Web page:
Hundreds of Arizona cops retire under scrutinyPosted: Updated:
Hundreds of officers across the Valley have handed in their badge - rather than face discipline.
CBS 5 Investigates found that in many cases, they took a full pension and benefits with them - seemingly retiring their troubles away.
"I served 23 years with absolutely no discipline," said former Phoenix Police Officer Philip Shores.
Shores is correct. Even though an internal audit found he mishandled nearly 80 percent of his child sex crime cases, he was never disciplined. Instead, he retired with a full pension.
"I've had no contact with the police department since I retired," Shores told CBS 5 News during an interview last week.
Shores is not alone.
"It's absolutely frustrating," said Chief Phoenix Police Chief Daniel Garcia.
He spoke candidly about the issue.
"We're in an atmosphere where we have to show transparency to our community and show accountability to our community," Garcia said.
The controversial practice of retiring to escape punishment extends across the state.
Take Goodyear Police Chief Mark Brown and commander Ralph McLaughlin - both were accused of covering up a hit-and-run that killed 18-year-old Jered Pendleton from Avondale. Both retired.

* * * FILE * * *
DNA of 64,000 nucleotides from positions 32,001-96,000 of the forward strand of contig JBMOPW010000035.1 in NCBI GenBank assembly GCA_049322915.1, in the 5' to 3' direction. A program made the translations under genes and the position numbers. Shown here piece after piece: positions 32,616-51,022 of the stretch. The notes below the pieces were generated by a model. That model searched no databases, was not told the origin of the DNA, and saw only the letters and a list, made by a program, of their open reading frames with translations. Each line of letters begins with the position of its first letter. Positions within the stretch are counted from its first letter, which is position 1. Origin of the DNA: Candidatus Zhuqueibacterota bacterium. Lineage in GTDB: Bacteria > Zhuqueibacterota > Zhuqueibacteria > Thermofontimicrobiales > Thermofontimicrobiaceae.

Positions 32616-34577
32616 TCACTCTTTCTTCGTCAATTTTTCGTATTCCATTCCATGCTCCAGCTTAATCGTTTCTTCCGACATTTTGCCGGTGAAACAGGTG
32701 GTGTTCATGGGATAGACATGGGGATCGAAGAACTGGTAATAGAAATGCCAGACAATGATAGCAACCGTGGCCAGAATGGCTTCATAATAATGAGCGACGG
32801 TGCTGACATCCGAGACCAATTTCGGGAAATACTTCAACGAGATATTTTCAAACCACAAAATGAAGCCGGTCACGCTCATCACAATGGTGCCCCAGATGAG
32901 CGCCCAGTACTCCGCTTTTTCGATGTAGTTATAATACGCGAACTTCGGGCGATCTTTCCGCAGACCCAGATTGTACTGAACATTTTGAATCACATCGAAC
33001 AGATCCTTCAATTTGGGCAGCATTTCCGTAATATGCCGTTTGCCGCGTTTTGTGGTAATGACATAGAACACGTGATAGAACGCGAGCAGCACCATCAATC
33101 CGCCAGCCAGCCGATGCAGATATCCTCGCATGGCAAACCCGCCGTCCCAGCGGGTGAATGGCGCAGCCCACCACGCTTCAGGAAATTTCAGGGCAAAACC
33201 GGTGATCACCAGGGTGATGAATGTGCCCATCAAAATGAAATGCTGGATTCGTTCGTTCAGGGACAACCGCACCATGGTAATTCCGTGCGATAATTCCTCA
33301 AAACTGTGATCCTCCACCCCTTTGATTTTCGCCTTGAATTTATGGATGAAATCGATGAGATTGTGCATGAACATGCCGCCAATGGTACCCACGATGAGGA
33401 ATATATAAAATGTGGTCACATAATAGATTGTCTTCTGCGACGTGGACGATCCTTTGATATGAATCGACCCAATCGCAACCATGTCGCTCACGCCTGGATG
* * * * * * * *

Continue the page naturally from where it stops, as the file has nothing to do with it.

Lt. Col. Jack Hegerty with Arizona's Department of Public Safety accepted Arizona Diamondback tickets from an agency DPS regulates. Rather than face two days suspension for the conflict of interest violation, he retired.
This summer, Phoenix police Sgt. Arnold David got caught on surveillance allegedly pocketing several thousand dollars during a robbery call. He too, retired.
"I think the guy ought to go to prison," said Bill Louis, former Phoenix police assistant chief and IA investigator.
Louis spent years investigating officers that were accused of violating policies and even breaking the law.
These cases are not always a cut and dry situation.
State law requires that Arizona POST, which certifies police officers, be notified when an officer quits. And that officer can't get a another law enforcement job in-state - until the investigation is over.
Criminal cases have more clear-cut rules.
"We have pursued charges against an officer even after they quit," Louis said. "We've had goodness - we've had officers for bank robbery, for theft, for drugs, for stealing property - and they quit. And we still went after them criminally."
In the last decade, more than 1,700 police officers were investigated on criminal charges of: assault, drug use, sexual misconduct and the list goes on and on. Of those 1,700 officers, 617 lost their certification and will never be able to work as cops again in this state.
Even Chief Daniel Garcia said those criminal prosecutions are not good enough.
"We want to be able to hold our officers accountable from an administrative standpoint and criminal," Garcia said.
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